A Cut Above

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Bob Lenari started cutting hair in 1956, hoping barber school might help him avoid the army. "I had a choice, go to school or get drafted," he recalls. "I wound up doing both." After a stint in the reserves, Lenari opened a shop in Ringling Shopping Center, then moved to John Baldwin’s St. Armands clothing […]


Bob Lenari started cutting hair in 1956, hoping barber school might help him avoid the army. "I had a choice, go to school or get drafted," he recalls. "I wound up doing both."

After a stint in the reserves, Lenari opened a shop in Ringling Shopping Center, then moved to John Baldwin’s St. Armands clothing store in 1966. (Baldwin figured a barber would bring in more male buyers.) When Baldwin died in 1992, Lenari moved to Taffy’s, where he still works in his tidy eight-foot-square room, complete with candy-striped barber pole. He arrives by 6:30 a.m. (so his older and handicapped clients can park in front of the building), and finishes by 3 p.m.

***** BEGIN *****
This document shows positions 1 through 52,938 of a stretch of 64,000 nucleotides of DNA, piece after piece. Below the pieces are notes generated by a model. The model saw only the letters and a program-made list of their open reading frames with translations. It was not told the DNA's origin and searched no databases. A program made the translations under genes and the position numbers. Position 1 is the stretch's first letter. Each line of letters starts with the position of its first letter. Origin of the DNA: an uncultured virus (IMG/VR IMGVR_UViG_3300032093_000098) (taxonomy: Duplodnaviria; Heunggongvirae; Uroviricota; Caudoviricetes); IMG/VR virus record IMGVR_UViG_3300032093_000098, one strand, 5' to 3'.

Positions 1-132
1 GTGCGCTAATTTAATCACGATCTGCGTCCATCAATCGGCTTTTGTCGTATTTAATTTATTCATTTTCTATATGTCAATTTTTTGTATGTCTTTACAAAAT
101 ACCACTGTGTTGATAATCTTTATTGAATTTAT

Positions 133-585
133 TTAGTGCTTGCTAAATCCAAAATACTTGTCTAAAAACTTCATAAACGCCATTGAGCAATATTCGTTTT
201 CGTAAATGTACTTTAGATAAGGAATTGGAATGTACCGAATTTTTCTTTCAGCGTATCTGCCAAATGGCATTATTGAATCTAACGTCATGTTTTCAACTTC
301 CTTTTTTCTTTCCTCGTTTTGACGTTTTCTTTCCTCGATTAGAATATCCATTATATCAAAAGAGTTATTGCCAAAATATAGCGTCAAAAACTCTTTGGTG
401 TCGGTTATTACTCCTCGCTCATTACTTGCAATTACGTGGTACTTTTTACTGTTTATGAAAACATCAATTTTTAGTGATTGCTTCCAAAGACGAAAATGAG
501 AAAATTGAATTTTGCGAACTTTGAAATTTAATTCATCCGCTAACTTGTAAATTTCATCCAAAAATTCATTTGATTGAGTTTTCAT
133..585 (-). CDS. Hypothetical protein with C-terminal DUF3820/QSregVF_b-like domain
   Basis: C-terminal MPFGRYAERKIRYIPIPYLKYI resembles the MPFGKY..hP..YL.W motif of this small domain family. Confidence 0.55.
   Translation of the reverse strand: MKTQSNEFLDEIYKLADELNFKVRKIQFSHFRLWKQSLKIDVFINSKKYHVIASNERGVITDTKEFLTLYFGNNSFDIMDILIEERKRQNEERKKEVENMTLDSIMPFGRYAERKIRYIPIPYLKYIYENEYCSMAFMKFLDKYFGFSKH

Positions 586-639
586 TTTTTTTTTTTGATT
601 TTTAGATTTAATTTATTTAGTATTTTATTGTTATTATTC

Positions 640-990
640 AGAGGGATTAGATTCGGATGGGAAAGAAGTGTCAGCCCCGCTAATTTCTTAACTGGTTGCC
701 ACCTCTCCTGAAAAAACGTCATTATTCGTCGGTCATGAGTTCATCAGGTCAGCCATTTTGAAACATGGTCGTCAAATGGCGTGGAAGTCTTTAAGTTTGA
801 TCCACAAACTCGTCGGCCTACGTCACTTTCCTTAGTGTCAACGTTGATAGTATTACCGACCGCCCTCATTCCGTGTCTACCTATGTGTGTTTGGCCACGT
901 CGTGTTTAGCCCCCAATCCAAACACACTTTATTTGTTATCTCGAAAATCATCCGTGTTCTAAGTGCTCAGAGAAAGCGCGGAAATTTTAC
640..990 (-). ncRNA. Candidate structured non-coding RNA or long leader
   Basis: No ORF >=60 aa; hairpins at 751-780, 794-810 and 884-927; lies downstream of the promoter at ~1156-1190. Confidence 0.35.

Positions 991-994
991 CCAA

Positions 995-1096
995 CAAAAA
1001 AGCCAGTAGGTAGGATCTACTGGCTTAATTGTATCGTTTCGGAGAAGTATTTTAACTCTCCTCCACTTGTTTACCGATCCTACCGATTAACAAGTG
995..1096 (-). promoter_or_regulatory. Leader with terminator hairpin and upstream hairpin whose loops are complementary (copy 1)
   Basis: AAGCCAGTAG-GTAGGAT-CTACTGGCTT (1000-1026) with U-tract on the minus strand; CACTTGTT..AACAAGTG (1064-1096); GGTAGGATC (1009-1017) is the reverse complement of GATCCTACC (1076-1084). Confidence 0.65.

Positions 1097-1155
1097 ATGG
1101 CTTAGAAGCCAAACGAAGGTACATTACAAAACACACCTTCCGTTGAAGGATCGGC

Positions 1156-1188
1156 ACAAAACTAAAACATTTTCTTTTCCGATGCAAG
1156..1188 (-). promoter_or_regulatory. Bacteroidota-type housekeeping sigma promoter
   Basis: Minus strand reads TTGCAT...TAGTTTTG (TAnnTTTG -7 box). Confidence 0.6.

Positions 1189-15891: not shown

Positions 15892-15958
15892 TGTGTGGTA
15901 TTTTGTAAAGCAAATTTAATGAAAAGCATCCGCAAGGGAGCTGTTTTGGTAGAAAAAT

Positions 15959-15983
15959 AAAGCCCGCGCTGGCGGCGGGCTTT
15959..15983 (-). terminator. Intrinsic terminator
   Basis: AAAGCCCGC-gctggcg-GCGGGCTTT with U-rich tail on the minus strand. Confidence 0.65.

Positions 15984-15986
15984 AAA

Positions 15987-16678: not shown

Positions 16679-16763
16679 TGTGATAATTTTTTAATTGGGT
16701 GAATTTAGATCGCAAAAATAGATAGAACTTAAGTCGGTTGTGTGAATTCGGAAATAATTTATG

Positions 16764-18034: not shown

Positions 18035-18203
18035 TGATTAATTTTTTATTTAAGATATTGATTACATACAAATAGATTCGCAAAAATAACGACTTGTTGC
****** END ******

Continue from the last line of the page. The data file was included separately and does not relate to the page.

At 68, the compact, wiry Lenari looks like a 50-year-old bantamweight boxer, thanks to years of marathon running. He still lives in the Whitaker Bayou home his father bought in 1948, and has no plans to retire. "I get to meet a lot of people here," he says. "And it’s nice and cold in the summer and warm in the winter."